I didn’t find it worth saving a little money to try and DIY learning to knit on my own. I tried following free videos on YouTube, which can be helpful and I did use it to learn the basics of casting on, how to do the knit stitch, and binding off…but that’s about as far as I got before it started getting confusing and frustrating.
There’s a huge difference between free videos/tutorials vs professional classes that are well organized into lessons, step by step instructions, with coordinating patterns and materials that you can print and reference.
My experience with free resources lead to several failed attempts at learning to knit…including a lot of wasted TIME!
When I finally tried Bluprint, I was able to learn Continental knitting and go from casting on, simple knit and purl stitches, to using dpns, knitting hats, socks, fair isle colorwork, and even cables in a matter of WEEKS.
Learning from experienced professionals whose classes don’t miss essential info, are organized so you can find exactly what you need, and with teachers available to answer questions made a huge difference for me. Because my time is so limited it was worth the minimal price tag.
Of course, now that I have some solid foundation skills under my belt I enjoy using free patterns too! Bur, I still use Bluprint to keep challenging myself with more advance skills…or to review complicated techniques.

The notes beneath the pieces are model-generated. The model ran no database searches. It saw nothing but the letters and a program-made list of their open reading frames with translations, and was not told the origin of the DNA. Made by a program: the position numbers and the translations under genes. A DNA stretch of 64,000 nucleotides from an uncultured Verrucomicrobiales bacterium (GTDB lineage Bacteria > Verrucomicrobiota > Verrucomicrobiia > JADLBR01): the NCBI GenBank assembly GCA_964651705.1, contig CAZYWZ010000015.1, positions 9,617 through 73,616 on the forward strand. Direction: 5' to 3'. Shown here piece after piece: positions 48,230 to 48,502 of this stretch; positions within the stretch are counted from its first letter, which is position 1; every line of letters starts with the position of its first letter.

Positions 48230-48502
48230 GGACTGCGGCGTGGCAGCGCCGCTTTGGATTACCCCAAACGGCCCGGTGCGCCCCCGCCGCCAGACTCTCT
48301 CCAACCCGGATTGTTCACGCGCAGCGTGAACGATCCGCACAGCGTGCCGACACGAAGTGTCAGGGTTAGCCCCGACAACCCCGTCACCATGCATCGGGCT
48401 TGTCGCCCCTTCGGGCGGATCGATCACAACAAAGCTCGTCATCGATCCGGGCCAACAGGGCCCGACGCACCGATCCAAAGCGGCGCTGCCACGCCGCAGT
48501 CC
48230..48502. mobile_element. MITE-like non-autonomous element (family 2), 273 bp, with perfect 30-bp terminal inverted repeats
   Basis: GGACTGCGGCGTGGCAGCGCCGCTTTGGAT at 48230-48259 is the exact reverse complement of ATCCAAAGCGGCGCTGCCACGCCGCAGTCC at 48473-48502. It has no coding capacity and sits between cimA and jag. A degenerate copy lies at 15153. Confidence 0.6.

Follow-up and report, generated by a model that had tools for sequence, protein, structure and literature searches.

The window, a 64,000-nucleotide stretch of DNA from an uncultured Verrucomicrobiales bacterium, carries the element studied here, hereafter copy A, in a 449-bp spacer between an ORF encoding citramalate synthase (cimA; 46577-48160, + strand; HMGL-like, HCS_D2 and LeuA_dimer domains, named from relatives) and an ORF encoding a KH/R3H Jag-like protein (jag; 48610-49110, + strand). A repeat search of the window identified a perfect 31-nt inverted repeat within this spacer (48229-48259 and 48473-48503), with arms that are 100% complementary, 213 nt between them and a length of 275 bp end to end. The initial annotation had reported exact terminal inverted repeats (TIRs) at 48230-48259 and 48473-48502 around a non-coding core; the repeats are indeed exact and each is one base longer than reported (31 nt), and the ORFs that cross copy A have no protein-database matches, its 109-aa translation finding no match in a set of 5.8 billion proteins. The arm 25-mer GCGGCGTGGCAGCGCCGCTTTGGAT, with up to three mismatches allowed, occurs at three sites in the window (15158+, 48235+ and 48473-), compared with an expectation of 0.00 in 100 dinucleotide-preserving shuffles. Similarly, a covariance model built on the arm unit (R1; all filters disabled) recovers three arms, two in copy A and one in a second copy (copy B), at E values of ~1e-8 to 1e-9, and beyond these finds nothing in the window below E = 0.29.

If learning online isn’t for you, I recommend getting connected locally. Check the adult education offered in your town or go to the library or a local yarn shop and ask what they have available. Knitters love to connect with each other. You may find there’s a club that meets regularly nearby that would love to have you. If possible, learn in person from someone experienced!
20. Carve Out Your Creative Time
So, once you’ve started to get more control of your schedule it’s time to take some of that time that was getting sucked away to other things and make your creative hobby happen.
Write your craft time in your planner. Make it a priority. Give yourself a deadline to get a project done…it can help if you make your first project a gift or donation if that will motivate you!
I find that having my knitting time planned out makes me more motivated to get my OTHER stuff done so I can really enjoy it as a reward at the end of the day.
This whole process has really made a difference in my mood and the way I interact with my kids. I’m more relaxed about stopping what I’m doing to pay attention to THEIR creative activities, or when they ask if they can knit or do a craft project.
My kids are starting to follow my lead with doing chores with a better attitude. They see that we can do more fun projects if we finish chores first. So, I love that it’s spilling over to my kids!
I’m still working on organizing my craft storage and project bag. I have some posts in mind for stash storage, project planners/organizers, and how to make a travel project bag/kit. I’ll link to those posts as soon as they’re published, too.
For now, the biggest change personally has been to just get my daily schedule under control to free up more time to be creative.
I’d Love to Hear from You:
Let me know if any of this was helpful to you. Or if you’ve tried something that I missed that helped you make time for your creative hobby. I’d love to learn more ideas!